India’s competition regulator has fined Google 9bn rupees ($113m; £98m) for anti-competitive practices, in a second such penalty in less than a week.
The regulator accused Google of “abusing” its dominant position on the app store to force app developers to use its in-app payment system.
It asked the tech giant to not restrict app developers from using third-party billing or payment services.
Google said it was reviewing the allegations.
“By keeping costs low, our model has powered India’s digital transformation and expanded access for hundreds of millions of Indians,” a Google spokesperson told the BBC.
“We remain committed to our users and developers and are reviewing the decision to evaluate the next steps,” the spokesperson added.
In a 199-page order released on Tuesday, the Competition Commission of India (CCI) said that Google was implementing certain policies on its Play Store that required app developers to “exclusively” use its payments system for distributing or selling apps and in-app services.
The regulator asked Google to adopt eight remedies or operations adjustments within three months, including not restricting “app developers from using any third-party billing/payment processing services, either for in-app purchases or for purchasing apps”, according to Reuters.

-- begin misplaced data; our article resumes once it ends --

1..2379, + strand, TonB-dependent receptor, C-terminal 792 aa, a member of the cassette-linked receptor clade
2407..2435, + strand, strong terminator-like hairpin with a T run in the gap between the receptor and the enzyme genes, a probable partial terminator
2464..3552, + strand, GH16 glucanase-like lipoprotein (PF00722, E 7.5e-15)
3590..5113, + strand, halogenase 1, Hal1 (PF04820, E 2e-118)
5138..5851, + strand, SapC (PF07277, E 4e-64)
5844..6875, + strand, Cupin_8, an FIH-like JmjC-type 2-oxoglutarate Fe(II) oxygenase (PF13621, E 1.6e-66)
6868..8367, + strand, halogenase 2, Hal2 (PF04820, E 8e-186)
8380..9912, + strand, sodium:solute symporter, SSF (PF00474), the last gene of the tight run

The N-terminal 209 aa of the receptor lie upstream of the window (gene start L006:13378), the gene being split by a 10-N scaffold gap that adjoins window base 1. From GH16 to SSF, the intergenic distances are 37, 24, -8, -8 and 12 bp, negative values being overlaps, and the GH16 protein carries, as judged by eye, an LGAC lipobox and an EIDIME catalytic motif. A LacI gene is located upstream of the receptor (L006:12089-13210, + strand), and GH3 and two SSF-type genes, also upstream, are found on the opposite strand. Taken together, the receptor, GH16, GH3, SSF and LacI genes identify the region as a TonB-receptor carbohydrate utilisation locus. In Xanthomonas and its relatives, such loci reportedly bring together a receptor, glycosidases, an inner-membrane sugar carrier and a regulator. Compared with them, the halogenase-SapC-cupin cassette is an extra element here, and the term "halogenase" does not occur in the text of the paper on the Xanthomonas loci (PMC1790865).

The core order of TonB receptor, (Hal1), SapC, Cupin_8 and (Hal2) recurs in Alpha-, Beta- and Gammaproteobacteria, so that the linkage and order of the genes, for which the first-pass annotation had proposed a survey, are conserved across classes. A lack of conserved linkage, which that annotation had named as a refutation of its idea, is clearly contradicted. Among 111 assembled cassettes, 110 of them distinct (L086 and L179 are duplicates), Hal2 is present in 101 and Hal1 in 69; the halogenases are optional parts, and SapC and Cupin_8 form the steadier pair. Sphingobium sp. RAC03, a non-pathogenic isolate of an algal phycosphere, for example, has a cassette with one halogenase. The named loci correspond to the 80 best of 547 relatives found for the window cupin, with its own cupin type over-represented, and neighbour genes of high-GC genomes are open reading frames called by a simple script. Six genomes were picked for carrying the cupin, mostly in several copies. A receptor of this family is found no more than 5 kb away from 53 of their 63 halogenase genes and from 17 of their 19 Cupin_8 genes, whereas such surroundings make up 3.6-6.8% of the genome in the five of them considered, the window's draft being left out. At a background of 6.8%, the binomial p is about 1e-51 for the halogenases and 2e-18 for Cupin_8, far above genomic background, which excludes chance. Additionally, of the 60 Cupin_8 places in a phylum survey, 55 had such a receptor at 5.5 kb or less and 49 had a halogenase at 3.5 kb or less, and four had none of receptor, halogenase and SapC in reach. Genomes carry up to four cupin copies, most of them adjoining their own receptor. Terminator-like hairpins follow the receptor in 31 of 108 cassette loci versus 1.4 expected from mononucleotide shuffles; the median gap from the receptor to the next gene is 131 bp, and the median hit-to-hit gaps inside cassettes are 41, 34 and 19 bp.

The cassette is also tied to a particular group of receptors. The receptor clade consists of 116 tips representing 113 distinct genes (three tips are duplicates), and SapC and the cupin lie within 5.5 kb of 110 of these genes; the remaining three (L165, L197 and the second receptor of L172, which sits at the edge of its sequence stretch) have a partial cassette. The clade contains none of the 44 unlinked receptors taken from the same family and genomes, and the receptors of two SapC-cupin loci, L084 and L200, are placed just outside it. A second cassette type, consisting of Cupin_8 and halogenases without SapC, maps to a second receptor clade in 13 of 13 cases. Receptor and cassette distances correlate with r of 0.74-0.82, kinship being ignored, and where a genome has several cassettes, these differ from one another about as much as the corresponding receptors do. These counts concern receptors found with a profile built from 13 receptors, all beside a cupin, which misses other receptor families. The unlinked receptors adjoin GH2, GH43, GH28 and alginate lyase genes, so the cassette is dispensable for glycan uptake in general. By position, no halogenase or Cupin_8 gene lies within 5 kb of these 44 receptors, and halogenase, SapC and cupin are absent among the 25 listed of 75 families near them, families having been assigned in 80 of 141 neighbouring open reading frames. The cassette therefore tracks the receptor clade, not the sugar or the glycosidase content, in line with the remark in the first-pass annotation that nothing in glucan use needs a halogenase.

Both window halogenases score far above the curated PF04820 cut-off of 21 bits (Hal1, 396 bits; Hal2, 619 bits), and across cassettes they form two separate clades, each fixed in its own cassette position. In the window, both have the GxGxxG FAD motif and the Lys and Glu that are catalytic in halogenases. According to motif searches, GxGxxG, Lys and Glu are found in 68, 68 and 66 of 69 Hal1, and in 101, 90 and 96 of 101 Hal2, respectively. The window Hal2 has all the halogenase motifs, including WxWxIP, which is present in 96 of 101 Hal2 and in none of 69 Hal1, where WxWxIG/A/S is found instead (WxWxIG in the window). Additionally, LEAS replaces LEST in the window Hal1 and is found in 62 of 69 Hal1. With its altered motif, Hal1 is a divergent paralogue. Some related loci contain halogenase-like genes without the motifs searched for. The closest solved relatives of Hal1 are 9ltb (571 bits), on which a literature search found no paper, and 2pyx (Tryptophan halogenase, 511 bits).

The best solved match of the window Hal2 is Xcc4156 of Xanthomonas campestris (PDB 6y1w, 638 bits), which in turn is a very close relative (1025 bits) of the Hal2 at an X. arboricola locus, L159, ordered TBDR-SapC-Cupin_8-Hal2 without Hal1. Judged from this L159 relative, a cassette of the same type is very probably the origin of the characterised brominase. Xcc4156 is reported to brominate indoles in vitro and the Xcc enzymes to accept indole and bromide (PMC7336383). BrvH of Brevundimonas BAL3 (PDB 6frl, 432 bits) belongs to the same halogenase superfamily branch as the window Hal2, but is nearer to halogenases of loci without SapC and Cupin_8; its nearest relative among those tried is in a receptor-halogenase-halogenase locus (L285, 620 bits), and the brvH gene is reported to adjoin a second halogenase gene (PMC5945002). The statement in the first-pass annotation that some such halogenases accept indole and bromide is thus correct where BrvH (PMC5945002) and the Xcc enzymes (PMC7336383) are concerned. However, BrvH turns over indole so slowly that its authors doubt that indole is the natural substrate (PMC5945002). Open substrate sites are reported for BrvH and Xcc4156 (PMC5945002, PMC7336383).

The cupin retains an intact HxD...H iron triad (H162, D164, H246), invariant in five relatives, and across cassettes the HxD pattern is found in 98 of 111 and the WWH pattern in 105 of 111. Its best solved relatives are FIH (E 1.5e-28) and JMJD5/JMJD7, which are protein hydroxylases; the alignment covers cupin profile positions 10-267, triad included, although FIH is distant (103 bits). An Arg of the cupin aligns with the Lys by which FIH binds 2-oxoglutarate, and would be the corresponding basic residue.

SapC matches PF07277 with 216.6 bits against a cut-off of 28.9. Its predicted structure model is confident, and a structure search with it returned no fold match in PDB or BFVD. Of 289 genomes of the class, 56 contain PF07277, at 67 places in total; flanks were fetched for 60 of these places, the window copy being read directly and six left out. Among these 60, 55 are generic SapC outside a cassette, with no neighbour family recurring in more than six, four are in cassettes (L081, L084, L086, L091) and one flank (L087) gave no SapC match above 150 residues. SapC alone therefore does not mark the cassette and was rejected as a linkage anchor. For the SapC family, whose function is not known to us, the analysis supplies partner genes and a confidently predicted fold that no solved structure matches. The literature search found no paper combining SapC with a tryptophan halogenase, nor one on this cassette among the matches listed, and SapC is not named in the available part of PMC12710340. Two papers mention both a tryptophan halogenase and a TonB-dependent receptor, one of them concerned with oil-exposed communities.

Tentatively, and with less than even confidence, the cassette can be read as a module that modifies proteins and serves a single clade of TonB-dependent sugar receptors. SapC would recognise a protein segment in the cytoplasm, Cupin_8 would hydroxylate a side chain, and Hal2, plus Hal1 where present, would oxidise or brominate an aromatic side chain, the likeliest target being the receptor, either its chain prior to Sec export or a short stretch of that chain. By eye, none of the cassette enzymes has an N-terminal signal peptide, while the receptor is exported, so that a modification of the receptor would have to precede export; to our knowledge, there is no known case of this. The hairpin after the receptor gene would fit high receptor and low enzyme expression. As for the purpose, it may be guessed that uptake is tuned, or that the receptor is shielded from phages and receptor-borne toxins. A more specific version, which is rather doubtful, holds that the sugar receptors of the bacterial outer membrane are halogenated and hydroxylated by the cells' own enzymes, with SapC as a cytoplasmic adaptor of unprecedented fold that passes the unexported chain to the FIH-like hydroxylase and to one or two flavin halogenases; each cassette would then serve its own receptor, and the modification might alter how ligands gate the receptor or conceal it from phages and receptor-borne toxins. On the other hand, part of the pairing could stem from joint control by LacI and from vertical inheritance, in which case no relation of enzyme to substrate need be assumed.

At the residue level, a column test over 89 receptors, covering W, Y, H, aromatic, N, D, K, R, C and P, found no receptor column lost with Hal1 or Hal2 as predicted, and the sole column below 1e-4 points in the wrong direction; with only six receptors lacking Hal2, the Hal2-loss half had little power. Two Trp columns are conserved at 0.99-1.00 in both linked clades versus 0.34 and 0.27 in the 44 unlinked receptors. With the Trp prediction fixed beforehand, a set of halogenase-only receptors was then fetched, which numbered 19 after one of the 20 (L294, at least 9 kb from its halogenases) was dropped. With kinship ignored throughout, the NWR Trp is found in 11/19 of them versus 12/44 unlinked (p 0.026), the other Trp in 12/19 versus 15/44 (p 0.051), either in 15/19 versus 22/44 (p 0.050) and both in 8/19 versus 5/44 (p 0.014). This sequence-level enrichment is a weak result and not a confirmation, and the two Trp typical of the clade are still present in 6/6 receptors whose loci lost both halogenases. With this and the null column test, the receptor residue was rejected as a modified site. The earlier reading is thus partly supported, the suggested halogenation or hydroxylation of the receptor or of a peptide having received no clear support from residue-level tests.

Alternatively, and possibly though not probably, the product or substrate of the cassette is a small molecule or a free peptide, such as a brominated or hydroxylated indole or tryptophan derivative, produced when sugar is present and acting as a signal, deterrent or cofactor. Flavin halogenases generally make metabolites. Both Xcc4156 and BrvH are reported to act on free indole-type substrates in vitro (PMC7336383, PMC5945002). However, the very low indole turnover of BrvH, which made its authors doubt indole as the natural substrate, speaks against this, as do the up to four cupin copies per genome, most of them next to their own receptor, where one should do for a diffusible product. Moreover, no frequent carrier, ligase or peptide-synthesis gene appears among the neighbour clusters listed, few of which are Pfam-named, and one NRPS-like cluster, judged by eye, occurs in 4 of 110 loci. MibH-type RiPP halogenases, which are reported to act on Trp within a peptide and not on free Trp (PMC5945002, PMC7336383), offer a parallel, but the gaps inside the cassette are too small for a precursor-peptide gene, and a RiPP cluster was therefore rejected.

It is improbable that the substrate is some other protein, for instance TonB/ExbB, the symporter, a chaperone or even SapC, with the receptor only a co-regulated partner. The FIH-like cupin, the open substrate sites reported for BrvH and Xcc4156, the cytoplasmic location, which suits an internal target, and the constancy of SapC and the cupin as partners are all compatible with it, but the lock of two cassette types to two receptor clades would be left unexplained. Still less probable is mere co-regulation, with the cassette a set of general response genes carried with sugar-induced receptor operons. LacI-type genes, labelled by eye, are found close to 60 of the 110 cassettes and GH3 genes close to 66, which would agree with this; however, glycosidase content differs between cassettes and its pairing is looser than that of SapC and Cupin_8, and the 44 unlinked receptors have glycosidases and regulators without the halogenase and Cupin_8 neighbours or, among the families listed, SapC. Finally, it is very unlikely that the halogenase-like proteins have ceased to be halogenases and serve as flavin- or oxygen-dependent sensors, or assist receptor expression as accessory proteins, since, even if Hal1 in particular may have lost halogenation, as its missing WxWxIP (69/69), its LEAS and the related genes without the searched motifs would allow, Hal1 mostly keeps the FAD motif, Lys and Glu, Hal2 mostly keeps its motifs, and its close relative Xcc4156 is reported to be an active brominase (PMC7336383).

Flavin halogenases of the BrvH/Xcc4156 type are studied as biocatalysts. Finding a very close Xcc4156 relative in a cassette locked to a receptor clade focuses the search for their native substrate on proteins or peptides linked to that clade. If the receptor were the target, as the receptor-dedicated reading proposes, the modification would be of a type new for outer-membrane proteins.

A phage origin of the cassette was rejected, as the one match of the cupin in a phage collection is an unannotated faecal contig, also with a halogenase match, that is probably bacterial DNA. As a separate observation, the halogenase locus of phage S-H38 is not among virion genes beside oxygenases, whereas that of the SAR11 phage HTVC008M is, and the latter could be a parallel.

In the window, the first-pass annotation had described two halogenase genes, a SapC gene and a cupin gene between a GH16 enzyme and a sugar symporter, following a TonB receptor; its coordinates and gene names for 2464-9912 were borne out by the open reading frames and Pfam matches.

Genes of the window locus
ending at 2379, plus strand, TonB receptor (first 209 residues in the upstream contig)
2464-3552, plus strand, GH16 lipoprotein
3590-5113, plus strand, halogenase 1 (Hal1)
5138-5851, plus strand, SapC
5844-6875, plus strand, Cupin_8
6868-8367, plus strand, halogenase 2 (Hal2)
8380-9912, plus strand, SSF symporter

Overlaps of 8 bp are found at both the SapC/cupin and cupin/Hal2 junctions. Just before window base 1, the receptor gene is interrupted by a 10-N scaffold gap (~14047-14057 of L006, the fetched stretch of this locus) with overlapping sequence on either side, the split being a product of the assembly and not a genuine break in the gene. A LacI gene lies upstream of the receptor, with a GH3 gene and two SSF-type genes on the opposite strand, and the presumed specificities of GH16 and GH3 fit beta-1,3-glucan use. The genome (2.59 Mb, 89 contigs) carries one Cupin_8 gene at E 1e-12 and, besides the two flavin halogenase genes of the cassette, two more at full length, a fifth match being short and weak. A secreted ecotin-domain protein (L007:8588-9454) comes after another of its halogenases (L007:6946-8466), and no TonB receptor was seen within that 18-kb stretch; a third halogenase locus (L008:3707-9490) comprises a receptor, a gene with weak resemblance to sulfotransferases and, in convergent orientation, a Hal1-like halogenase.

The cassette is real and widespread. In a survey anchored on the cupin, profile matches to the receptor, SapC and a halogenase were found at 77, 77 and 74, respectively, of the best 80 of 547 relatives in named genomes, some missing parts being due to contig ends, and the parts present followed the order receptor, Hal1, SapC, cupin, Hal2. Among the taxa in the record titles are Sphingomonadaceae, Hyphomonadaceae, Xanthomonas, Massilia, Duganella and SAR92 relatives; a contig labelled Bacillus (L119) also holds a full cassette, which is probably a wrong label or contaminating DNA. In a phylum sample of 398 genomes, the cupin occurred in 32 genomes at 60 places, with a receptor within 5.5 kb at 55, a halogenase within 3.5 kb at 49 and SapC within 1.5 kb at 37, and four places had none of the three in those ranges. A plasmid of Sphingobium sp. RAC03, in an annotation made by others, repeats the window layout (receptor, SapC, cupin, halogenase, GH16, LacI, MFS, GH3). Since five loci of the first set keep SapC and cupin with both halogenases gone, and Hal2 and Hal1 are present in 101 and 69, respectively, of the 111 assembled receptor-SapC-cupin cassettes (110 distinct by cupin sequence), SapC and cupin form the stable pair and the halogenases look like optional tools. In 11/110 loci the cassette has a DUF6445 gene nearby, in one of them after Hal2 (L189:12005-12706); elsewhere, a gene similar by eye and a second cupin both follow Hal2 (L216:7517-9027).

“Google should ensure complete transparency in communicating with app developers and details about service fees charged,” the CCI added.
The order is the latest setback for Google, which is facing a series of anti-trust allegations in India.
Last week, the company was fined 13bn rupees ($161m; £144m) for using its Android platform to dominate the market.
The CCI said the tech giant was entering into forced agreements with players in the space to ensure that its bouquet of apps – such as Google Chrome, YouTube, Google Maps and others – were used.
The Android-related inquiry was started in 2019, following complaints by consumers of Android smartphones. The case is similar to the one Google faced in Europe, where regulators imposed a $5bn fine on the company for using its Android operating system to gain an unfair advantage in the market.
Google had called CCI’s decision “a major setback for Indian consumers and businesses,” adding that it would review the order and decide on the next steps.
( curtesy BBC)